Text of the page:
To plan the rest of their Great Loop, they are taking the weather into account as well as maintenance of various structural elements along the way, such as the Chicago Sanitary and Ship Canal, which is one of the only ways south from the Great Lakes Waterway into the Mississippi River system. The locks system is scheduled to be closed for repairs from June to September with exceptions for commercial traffic, so Loopers can either gamble on being let through with some commercial traffic, or wait until the system reopens in September. Depending on the weather, Marty is preparing to either continue south even as fall turns to winter in the Southern states, or they will put the boat back on hard in Chicago and wait until the spring. Typically Loopers head north for summer and south for winter.

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Spots to Stop

While they still have many more miles and points of interest to go on their Great Loop journey, Marty and his wife have enjoyed the first segment of the Loop from Annapolis to Sodus Point with stops in New York City, Albany, and other spots along the Hudson River. About 90% of the population doing the Great Loop stop in NYC, and you can either get a slip in a marina in Manhattan, which is very expensive, or go to Liberty Landing in New Jersey, which is less expensive, and take a 10-15 minute ferry to downtown Manhattan. Marty grew up in NYC and says there's nothing better than visiting. From NYC up the Hudson, there's tons of history and scenery, and if you're there in the fall, the foliage is gorgeous. Get a whole new view of West Point from the water and spot national heritage sites like the home of FDR, the Vanderbilt Mansion, and more on the way to Albany. They spent about a week at the Albany Yacht Club, which they highly recommend. The social scene is active and inclusive; when you're doing the Great Loop, it is hard not to make friends.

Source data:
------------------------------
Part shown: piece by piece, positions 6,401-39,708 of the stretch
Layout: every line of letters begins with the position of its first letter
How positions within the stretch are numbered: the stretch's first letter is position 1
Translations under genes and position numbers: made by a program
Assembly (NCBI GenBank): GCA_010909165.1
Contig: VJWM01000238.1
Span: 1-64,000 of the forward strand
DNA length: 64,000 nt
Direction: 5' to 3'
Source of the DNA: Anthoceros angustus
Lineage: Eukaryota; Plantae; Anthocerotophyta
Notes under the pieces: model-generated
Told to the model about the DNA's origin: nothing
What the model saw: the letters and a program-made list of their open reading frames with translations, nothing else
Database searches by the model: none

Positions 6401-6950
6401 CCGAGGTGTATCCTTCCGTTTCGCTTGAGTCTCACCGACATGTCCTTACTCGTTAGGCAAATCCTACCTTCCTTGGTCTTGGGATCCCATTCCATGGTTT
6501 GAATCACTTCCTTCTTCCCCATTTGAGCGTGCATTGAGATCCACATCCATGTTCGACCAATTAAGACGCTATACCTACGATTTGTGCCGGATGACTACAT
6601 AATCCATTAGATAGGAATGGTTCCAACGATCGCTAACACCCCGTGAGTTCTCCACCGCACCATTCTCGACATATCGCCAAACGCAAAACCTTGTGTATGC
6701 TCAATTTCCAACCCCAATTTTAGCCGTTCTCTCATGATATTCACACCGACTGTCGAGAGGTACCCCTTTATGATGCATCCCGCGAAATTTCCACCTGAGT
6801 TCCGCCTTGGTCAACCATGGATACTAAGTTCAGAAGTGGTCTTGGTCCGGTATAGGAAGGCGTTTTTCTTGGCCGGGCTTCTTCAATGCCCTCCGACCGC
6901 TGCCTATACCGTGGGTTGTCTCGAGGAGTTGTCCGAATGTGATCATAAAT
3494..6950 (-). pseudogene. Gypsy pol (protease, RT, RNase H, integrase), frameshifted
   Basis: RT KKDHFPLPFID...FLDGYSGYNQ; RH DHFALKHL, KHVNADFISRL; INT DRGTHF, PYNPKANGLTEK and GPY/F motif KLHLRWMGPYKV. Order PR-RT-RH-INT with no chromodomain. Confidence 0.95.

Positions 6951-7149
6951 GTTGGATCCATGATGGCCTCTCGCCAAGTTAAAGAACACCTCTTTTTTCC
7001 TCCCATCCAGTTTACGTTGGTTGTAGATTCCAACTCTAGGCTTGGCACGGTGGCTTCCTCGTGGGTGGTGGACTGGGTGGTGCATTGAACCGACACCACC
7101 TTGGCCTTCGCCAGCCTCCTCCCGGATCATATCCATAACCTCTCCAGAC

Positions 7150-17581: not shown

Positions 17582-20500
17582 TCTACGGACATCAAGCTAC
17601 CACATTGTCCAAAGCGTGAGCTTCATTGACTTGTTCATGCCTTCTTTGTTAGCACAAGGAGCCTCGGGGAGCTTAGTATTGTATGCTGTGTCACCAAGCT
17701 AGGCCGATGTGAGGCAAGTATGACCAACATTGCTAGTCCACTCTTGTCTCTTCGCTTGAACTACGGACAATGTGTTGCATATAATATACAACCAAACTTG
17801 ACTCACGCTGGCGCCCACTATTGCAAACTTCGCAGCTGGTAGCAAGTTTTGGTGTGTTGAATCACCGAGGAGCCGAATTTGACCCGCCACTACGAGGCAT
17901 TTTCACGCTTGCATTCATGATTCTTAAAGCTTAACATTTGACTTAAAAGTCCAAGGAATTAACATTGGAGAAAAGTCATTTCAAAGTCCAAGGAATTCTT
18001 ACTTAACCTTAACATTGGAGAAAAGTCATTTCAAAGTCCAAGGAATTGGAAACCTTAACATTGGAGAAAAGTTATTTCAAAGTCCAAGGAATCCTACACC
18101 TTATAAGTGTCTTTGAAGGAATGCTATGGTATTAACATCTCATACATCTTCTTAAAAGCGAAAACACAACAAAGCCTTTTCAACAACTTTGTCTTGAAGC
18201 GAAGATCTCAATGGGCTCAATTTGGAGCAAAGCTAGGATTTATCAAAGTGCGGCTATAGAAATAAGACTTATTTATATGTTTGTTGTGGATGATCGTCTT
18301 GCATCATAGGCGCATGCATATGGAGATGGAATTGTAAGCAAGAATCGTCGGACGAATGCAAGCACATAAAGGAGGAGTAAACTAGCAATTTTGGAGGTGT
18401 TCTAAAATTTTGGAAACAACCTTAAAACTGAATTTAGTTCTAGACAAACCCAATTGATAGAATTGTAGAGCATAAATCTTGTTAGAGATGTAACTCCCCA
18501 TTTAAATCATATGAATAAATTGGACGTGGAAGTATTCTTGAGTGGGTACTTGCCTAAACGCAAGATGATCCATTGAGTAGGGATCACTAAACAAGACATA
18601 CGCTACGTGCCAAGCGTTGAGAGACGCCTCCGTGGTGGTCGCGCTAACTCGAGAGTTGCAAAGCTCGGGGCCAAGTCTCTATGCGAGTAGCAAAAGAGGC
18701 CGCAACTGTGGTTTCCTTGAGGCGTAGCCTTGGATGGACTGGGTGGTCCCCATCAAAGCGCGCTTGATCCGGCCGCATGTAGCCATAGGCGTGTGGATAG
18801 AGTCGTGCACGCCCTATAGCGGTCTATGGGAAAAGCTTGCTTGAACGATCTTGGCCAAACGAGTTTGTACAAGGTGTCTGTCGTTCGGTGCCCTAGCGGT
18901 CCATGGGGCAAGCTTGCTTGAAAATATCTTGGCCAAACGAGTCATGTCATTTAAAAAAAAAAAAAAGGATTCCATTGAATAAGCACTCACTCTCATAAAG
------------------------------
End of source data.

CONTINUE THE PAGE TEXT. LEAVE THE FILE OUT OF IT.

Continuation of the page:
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Great Loop Resources

There are two publications Marty recommends referencing when planning a Great Loop journey: Skipper Bob: Cruising America's Great Loop and Waterway Guide's publications. Skipper Bob offers factual data and is good for keeping on hand when you're deciding when to stop vs. carry on to the next place you can stop, while Waterway Guide has more of a prose presentation and is better at telling you what attractions along the way you might want to stop and look at.

The community surrounding the Great Loop is robust and includes America's Great Loop Cruisers' Association, which holds seminars and meet-ups throughout the year. Facebook groups are also a great way to connect with fellow Loopers and gather information and helpful advice. It can be great fun to travel the Great Loop along with a larger group, but it isn't necessary in order to have a fulfilling adventure. When Marty and his wife pulled up to the locks two months behind the crowd that left from St. Michaels on Memorial Day, one of the workers remarked, "Boy, you're really late," so even stragglers are still considered part of the community.

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Long Live the Loopers

Thank you to Marty for sharing his expertise and experience with us for this edition of the DWY blog. We wish him and his wife all the best in their ongoing Great Loop adventure as they wander on NIL CAILTTE! Have you done the Great Loop? Think you ever will? Let us know in the comments section on our social channels and stay tuned for more great content from the DWY crew. 

TAGS: Education, Locations